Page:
The drumbeat is increasing in volume. Each year it becomes more and more apparent that a sport can not go on forever using different rules.
In football the AFC doesn’t have the option for going for two points while NFC teams playing against others in their conference can only kick for the one.
In basketball the three point line is the same distance from the hoop for every team.
And we don’t have the goalie restricting trapezoids in some hockey arenas in the NHL and not in others.
But in major league baseball going all the way back to 1973 the American League has used the Designated Hitter rule while the NL has eschewed (as in “shoo – go away”).
As a National League fan and traditionalist I have always opposed the use of the DH. If baseball were to name me the dictator for a day I would happily throw out the DH rule, tell the Wilpons to sell the Mets, and then retire happily.
None of that is happening and all indications are that the pro-DH forces have just about won this war. There is little doubt that if baseball fans had to vote the DH up or down that up would win and probably win handily. It’s likely that baseball execs would give it the same result if they were the ones voting.
If we agree that both leagues should play by the same rules – and it is awfully hard to make the case against that – then some time in the next few years both leagues will be using the DH rule.
Not to go down without a fight I wonder if some kind of compromise could be reached which would give each side a partial victory.
We know that the pro-DH people think it silly to have pitchers come up to bat and be virtually helpless at the plate. To some, like myself, it’s part of the charm. We are so used to seeing people who are great at hitting baseballs (people like Ruben Tejada excepted) facing people who are great at throwing baseballs that it is easy to forget how daunting a task it is. When a pitcher comes to bat we see what happens to a regular human facing a 90+ mile per hour fastball or a darting breaking pitch.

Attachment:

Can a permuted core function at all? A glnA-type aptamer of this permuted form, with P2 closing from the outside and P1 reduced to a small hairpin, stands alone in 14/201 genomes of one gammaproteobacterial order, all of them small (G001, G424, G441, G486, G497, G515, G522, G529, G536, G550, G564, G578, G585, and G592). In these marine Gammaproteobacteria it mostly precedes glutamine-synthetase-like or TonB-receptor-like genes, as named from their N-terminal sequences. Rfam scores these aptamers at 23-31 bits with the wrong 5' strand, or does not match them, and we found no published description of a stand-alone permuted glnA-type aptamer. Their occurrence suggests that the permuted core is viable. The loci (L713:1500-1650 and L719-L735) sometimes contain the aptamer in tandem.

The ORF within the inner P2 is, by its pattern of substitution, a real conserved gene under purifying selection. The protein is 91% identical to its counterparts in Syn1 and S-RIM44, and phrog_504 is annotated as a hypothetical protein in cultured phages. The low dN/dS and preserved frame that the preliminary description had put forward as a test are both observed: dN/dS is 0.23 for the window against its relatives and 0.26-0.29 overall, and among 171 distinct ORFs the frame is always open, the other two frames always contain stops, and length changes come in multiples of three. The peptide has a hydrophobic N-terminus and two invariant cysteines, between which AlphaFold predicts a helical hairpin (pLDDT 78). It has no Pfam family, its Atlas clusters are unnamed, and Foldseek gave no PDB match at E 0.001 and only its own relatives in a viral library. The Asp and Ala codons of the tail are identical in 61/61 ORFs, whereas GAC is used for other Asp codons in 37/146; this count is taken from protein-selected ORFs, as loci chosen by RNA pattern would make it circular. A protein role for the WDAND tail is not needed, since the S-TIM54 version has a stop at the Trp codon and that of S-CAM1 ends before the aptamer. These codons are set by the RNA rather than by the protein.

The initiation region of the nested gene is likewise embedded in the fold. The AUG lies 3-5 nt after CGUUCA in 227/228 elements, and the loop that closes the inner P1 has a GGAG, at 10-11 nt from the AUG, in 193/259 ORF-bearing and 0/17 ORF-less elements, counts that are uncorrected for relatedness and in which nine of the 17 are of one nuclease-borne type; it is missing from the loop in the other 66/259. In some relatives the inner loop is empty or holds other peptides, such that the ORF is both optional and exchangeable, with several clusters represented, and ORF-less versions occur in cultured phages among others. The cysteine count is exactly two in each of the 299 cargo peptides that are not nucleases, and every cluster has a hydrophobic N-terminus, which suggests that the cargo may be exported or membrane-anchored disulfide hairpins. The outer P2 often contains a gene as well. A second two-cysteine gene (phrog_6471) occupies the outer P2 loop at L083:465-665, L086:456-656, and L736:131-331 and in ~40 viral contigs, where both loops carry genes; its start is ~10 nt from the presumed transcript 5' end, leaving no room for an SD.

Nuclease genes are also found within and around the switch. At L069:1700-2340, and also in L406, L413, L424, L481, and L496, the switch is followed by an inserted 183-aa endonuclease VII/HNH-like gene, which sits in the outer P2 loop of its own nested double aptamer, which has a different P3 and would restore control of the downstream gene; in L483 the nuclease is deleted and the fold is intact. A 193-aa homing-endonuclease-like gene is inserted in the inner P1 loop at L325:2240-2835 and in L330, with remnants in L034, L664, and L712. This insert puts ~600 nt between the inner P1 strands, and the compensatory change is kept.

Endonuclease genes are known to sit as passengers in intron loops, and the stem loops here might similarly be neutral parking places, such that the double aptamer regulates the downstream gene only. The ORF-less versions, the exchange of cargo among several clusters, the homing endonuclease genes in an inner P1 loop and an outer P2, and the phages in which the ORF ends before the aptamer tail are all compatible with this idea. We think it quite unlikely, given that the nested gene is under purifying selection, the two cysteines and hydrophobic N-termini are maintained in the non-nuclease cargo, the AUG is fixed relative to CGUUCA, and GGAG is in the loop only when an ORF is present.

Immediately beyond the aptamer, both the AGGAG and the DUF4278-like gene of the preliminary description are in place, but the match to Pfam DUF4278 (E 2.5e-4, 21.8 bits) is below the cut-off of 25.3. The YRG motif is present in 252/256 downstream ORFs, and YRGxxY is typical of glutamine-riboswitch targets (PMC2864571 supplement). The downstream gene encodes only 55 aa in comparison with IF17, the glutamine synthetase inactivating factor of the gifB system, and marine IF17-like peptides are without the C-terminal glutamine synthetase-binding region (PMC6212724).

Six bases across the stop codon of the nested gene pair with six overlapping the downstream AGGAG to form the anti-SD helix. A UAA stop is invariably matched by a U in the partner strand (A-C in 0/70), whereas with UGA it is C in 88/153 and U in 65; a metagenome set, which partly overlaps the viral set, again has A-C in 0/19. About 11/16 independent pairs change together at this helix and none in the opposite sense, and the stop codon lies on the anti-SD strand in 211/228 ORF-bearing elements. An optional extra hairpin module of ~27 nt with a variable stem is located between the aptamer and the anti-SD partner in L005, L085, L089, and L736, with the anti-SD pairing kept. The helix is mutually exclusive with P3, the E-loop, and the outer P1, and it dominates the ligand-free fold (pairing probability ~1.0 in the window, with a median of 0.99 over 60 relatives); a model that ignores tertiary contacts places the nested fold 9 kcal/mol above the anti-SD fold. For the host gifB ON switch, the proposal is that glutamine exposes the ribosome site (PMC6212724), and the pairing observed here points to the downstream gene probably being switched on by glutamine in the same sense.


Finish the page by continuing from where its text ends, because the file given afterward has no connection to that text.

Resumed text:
Baseball is trying to speed games up while American League games routinely take longer than National League games. This is because the DH makes almost all pitching changes occur during innings adding more of those close to two minute breaks. In the NL many pitching changes occur after a pinch-hitter has done his thing for the pitcher. No extra timeout added there.
A compromise would have to preserve the jobs of DH types like David Ortiz, Billy Butler, and Chris Carter while simultaneously maintaining some of the strategies that we NL fans like.
Here’s a rough draft of my plan.
Both leagues adopt a rule in which their team’s pitcher can be pinchhit for a maximum of two times per game. Those two times the pitcher need not be removed from the game and the first pinchhitter remains eligible to be used later as a pinch-hitter or as a replacement in the field. The second time the pitcher is hit for the pinch batter is out of the game unless he is moved into a defensive position.
So what does this do?
The career DH’s still have jobs although the numbers of at bats they will get in the season will be down.
Managers have new strategies to create. No one on, two outs, and the pitcher is due. Maybe it’s best not to waste a pinchhitter here. Or runner on 1B with no outs – let the pitcher come up and bunt rather than using one of the precious free pinch hit opportunities. Could even avoid some DPs that way.
The pitchers who have a clue with the stick, e.g. Jacob deGrom, will give their managers an extra edge. Those guys who barely know which end of the bat to hold, e.g. Bartolo Colon, will likely need the pinchhitter the first two times the 9-hole rolls around.
The chance of a compromise like this being passed by major league baseball is admittedly very small. More likely we will all be telling our grandchildren how we remember way back when when even the pitchers had to come to bat when it was their turn.